Snack dip as revision metaphor

A tasty, tasty metaphor.

First off, a big blog congratulations to @StephenWilds over on Twitter, who joined the hordes…er…bunch?…of followers who signed on in November for a chance to win a critique of their work or a sneak peek at mine. An avid writer, Stephen opted for a critique. That means I may yet be inclined to share a short excerpt of Spacebuckler here on my blog at some point. Stay tuned.

Now then…remember seven-layer dip? That’s my writing metaphor du jour. It’s also an unholy mess to eat, no matter how you try to do it. Revising your work is also an unholy mess at times, but perhaps this might help, especially now that some of  you out there have the first draft of a novel in hand thanks to NaNoWriMo.

See, the seven layers in seven-layer dip are roughly the number of times you may end up revising your novel. Yep…seven. And like that spicy, savory snack we all know and occasionally regret, there are layers that are foundational, layers that add flavor, layers that provide a twist. And in the end, you end up with deliciousness.

Bear with me. I love beating a metaphor to death. In fact, you can use this Rachael Ray recipe to follow along.

At the bottom of the dip are refried beans. That’s your plot and the bare bones of your characters — your first draft. That’s always going to be the foundation of your story, but that said, each revision is going to change it significantly.

Next up is green salsa. That’s your first revision. You’re reading through for the joy of reading, finding areas to add coolness and wonder, filling out the setting, just sort of getting a feel for the story. The first revision is always fun, because you’re still fresh and excited. So you tend to be adding flavor, giving the book its first jolt of heat. (Like salsa!) Add or subtract what you want — just have fun with it.

Third layer (according to Rachael) is black beans. You’ve got the bare bones done, you’ve added some fun stuff. Now the hard work begins. This time, you’re looking at plot. Major plots need to be linear and you need to ensure there are no holes. Add subplots. Make sure the characters are in the right places, doing the right things to further the story. This is, in essence, your major plot revision. If something feels forced or untenable, scrap it. If you need to create links to major plot points and scenes, do it now. Yes, this layer may give you gas.

Fourth layer is chipotle salsa! More spice! But this time, focus the spice on your characters. Make sure that each character has a believable and tenable character arc in your story. I’m not a fan of each character in a book having to have “learned” something, because it’s not realistic in life. But the story should still be of importance to your main characters, and it should change them somehow. Make sure that’s happening here, and make sure there’s consequence for those changes.

Fifth layer: Sour cream, that wonderful stuff that ties it all together. To me, this is your setting revision. Your plot and character revisions probably had a ripple effect within your setting, and furthermore, you may have ignored setting for the moment while dealing with plot and character. We’re all affected by our environment, and it behooves you to make sure that the characters and plot are affected by — and have their own affect on — their environment.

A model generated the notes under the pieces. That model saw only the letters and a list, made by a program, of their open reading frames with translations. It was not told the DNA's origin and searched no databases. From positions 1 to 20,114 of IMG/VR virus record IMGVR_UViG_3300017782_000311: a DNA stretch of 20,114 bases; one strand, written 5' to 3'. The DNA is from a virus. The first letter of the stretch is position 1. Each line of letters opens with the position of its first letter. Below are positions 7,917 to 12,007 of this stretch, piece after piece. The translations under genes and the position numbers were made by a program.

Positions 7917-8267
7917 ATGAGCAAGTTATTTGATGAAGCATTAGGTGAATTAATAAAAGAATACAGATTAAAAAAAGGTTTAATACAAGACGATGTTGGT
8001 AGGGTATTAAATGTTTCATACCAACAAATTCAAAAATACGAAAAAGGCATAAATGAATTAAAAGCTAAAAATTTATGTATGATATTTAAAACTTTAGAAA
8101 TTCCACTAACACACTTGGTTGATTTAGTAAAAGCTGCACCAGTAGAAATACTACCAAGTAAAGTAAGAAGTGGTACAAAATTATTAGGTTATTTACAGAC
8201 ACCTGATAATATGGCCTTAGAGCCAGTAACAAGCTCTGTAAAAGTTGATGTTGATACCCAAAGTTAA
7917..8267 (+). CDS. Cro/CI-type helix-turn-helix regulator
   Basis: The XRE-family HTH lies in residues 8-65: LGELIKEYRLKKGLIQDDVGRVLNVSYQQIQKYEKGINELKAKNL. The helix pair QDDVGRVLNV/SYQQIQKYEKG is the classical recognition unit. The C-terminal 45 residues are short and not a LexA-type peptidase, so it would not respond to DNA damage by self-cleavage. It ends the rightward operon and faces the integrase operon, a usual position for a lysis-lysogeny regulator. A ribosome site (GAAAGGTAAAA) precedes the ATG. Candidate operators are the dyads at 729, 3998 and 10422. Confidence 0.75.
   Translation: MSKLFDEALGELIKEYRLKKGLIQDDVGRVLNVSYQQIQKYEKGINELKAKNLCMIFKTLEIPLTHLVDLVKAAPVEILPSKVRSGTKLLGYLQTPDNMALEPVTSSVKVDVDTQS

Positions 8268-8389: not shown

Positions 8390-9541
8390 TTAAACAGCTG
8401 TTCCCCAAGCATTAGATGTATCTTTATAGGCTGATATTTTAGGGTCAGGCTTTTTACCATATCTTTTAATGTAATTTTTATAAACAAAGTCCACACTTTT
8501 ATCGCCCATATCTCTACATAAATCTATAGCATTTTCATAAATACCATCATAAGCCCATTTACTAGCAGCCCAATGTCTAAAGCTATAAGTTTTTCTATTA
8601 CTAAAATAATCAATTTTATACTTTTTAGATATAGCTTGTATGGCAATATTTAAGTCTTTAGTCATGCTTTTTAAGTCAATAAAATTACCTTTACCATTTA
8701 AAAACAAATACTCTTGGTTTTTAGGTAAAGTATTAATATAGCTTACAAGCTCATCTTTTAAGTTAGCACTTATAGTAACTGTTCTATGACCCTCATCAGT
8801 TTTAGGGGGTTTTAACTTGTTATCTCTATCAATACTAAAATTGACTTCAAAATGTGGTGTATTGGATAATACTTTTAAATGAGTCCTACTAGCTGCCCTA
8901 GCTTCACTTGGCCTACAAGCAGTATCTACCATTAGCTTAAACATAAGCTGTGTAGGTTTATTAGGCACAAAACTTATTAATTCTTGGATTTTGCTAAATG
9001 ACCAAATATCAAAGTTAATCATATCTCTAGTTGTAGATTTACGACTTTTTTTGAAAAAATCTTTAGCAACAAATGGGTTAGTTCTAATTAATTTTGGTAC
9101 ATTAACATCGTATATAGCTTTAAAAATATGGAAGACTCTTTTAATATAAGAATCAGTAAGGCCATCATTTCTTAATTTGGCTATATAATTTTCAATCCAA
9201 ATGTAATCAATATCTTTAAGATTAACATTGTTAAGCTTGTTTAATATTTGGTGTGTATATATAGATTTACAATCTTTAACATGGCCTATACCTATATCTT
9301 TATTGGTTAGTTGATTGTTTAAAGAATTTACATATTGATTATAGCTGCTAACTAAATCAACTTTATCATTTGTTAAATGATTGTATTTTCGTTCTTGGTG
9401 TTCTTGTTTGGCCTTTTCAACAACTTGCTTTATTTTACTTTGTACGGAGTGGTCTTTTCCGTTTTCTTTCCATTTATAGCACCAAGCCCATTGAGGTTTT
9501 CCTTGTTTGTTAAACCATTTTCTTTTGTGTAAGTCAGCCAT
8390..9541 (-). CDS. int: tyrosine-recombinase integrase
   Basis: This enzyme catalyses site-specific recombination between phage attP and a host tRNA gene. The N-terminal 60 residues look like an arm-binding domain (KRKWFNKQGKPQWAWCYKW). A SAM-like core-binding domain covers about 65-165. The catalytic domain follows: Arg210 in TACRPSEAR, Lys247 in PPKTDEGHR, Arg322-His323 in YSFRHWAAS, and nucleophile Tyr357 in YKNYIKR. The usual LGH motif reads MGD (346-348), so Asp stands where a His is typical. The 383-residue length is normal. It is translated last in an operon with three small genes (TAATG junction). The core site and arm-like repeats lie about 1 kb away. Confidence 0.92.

The penultimate (love that word) layer is guacamole. Guacamole is full of flavor, full of action. So…is your book full of flavor and action? Each scene needs to hold its own, to further the story, to hook the reader with conflict and movement and development — my uber-agent Sara Megibow is big on this, and it’s rubbed off on me, too. If there are scenes not carrying their weight, cut them or, perhaps better, make them zing more with a little guac. Add drama, tension and heat. Mix thoroughly.

Finally! The end of our recipe, our revisions, our tired metaphor. Veggies, typically tomatoes and olives, top our dip and give it some chew. In this last revision, chew over everything. We haven’t really touched on voice yet, so if that’s something you feel the need to read for, make sure you’re consistent throughout. Indeed, just be consistent, period. This isn’t quite a copy-edit, but it’s close. If you still feel you’ve got work to do on plot, character or setting, then you may want to go back a few layers.

And then, seven revisions later…you’re done. Serve with tortilla chips and enjoy.

The point of all this is that revisions take a while. Trust me…a year ago, I thought I had Spacebuckler nailed. I had just finished ny third version. Ha! You may have a first draft in hand post-NaNoWriMo, but until you go through a rigorous revision process, you don’t have a novel yet. Now, you may not need seven revisions, but you still need to look for character, plot, setting, action, voice, consistency, fun, etc. Maybe you can do 2-3 of those at once, but it’s still going to take time and effort — far more than the month it took to write.

In the end, though, it really will be delicious.


Filed under Food, NaNoWriMo, Writing

3 responses to “Snack dip as revision metaphor

  1. Tastiest…metaphor…ever! Makes me want to write AND nosh.

  2. kathils

    Hi Michael, I’m paying it forward and have nominated you for a Versatile Blogger Award. 🙂

  3. Great metaphor! I can’t say my revision process is always that orderly . . .but I believe there are usually at least seven rounds of it (or at least it feels like it).

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